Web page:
Investigating modern “finds” of Glasspar G2s and Woodill Wildfires means knowing the “lay of the land” for who built what, where, when and why. And magazines aren’t the only clue to some of the lost history of years gone by. Racing programs from the ‘50s also provide a wealth of information.
Take today’s program from the 1954 Torrey Pines Race on the coast of California. While this race featured some excellent specials on the track, it also featured two “specials” in the program – a Glasspar and a Woodill. Both interesting stories that remain to be fully told. Click here to review more information on who and what was in the race.
The Woodill Wildfire:
This ad does not feature a car for sale – instead – it’s an investment opportunity. Woody Woodill was an excellent promoter and here he placed an ad to reach potential investors. The Johnny Dark Movie was already in the can and about to be released in July/August 1954 and those “in the know” may have already caught wind of this. The Woodill Wildfire was getting seen, and was about to become more famous.
This ad placed in the summer of ’54 would have reached those people and more. It shows Woody standing by the driver’s door and Danny Kaye, the famed actor, at the wheel. This photo was taken during the filming of the movie “Knock on Wood.” Again I say….Woody Woodill was an excellent promoter.
In the summer of 1954, the Woodill Wildfire sports car was nearly a year old, and the timing was right. Investment was key and this was one of the ways in which he did it effectively. Let’s check out the page of the program and the ad itself:
The Glasspar G2:
This is a very interesting Glasspar G2 (below). I’m not sure all the modifications work for me, but still it seems quite compelling to see a nicely built car with tremendous power. This Glasspar has a non standard windshield, custom large hood scoop, single-bump dashboard, wire wheels (Chrysler?) leather interior, and Nash grille. And the drivetrain appears to be a Chrysler hemi – 235 horsepower. Not bad……not bad at all.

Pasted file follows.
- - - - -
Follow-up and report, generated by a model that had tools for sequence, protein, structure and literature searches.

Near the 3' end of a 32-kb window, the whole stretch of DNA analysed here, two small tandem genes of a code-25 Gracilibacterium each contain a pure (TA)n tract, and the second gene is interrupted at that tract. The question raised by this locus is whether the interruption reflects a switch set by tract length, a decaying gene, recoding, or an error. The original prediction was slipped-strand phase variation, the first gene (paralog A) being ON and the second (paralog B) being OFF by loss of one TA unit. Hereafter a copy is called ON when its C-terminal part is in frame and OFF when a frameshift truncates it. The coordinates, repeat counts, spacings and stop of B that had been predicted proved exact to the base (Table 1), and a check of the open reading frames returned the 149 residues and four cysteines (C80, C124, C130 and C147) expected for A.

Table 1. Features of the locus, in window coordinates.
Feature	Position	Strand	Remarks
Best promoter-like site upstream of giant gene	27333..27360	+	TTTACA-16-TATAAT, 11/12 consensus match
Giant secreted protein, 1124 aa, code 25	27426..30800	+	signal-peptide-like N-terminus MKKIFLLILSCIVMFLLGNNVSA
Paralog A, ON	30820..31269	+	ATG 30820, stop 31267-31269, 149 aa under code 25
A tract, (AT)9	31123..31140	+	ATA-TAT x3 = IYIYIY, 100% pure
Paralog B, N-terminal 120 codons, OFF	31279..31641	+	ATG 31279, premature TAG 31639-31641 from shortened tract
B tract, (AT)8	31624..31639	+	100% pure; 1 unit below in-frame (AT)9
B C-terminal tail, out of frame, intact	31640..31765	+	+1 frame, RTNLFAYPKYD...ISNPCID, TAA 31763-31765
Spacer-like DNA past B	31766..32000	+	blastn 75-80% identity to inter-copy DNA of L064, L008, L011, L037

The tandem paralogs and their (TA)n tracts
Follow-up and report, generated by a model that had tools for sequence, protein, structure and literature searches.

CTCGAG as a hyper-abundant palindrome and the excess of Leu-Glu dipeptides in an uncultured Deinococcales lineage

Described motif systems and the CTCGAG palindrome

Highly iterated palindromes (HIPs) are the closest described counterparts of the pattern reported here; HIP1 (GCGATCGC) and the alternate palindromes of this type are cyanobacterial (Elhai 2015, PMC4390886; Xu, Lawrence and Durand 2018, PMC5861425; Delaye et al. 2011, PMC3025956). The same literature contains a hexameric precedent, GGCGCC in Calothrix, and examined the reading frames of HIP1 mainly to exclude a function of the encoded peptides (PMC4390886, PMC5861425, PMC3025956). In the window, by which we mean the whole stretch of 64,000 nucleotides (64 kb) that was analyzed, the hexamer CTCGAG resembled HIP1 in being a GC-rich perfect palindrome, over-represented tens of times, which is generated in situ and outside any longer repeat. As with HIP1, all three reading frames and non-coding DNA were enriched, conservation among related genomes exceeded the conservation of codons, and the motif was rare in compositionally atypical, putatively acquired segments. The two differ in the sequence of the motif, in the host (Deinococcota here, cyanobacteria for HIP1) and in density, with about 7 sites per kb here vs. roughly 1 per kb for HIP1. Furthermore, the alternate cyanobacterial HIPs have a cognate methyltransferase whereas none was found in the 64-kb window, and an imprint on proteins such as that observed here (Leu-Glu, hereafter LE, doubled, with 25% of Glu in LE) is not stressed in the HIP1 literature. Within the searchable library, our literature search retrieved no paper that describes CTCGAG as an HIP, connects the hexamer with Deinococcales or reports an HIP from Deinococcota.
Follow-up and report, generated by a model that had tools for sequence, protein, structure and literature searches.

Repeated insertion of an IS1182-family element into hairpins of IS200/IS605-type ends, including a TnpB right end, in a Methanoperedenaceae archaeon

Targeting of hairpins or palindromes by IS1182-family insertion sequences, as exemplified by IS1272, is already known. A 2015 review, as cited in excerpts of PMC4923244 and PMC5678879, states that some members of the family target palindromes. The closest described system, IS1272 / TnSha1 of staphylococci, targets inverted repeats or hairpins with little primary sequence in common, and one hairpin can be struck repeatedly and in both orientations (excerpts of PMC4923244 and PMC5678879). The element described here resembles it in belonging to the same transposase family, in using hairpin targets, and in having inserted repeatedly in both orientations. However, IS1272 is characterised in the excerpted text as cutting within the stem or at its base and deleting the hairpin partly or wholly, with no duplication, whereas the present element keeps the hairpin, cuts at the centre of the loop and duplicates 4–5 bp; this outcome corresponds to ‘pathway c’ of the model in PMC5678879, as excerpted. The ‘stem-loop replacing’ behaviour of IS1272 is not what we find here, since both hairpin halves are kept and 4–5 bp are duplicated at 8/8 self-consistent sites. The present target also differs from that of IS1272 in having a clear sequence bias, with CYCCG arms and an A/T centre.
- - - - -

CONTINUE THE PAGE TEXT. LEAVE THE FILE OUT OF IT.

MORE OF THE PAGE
I’ve not seen this G2 written up in any vintage magazines, so this is all we know at the time. And, if this car is still around with few changes, it will be easy to make the ID. Rodney Packwood – want to help? (actually, he sent me the pages of this program some time ago).
Let’s have a look at the page of the program and the ad itself:
So…where are these cars today? The Woodill shown in the ad is the movie car and was recently found needing a full restoration. Hopefully this car will be brought back to the shape it was in the movie. Here are some photos taken from the movie “Knock on Wood:”
As for the Glasspar, Rodney Packwood and I have found 70 existing cars, but nothing with a hood scoop like this and/or a hump on the driver’s side dash. So…this car may be gone or could be out there, so start looking gang and remember what Rick D’Louhy and I say when we begin our search for lost automobiles:
“The harder you work, the luckier you get…”
Hope you enjoyed the story, and until next time…
Glass on gang…
Notice the TD in the background ? Great dash layout! Wow!
Looks like a r-hand drive?, and Morrisses?
Although set in London, the film was mostly made on Hollywood studio sets. However, a second unit was sent to London to film backgrounds, and in these scenes a double was used for Danny Kaye, mostly filmed from behind or from a distance. The double was in fact a well-known British actor and comedian, Jon Pertwee.
The red car is right hand drive. The others are left hand drive. Why? Red car has a British License plate.
It was a movie shot in the USA, wasn’t it?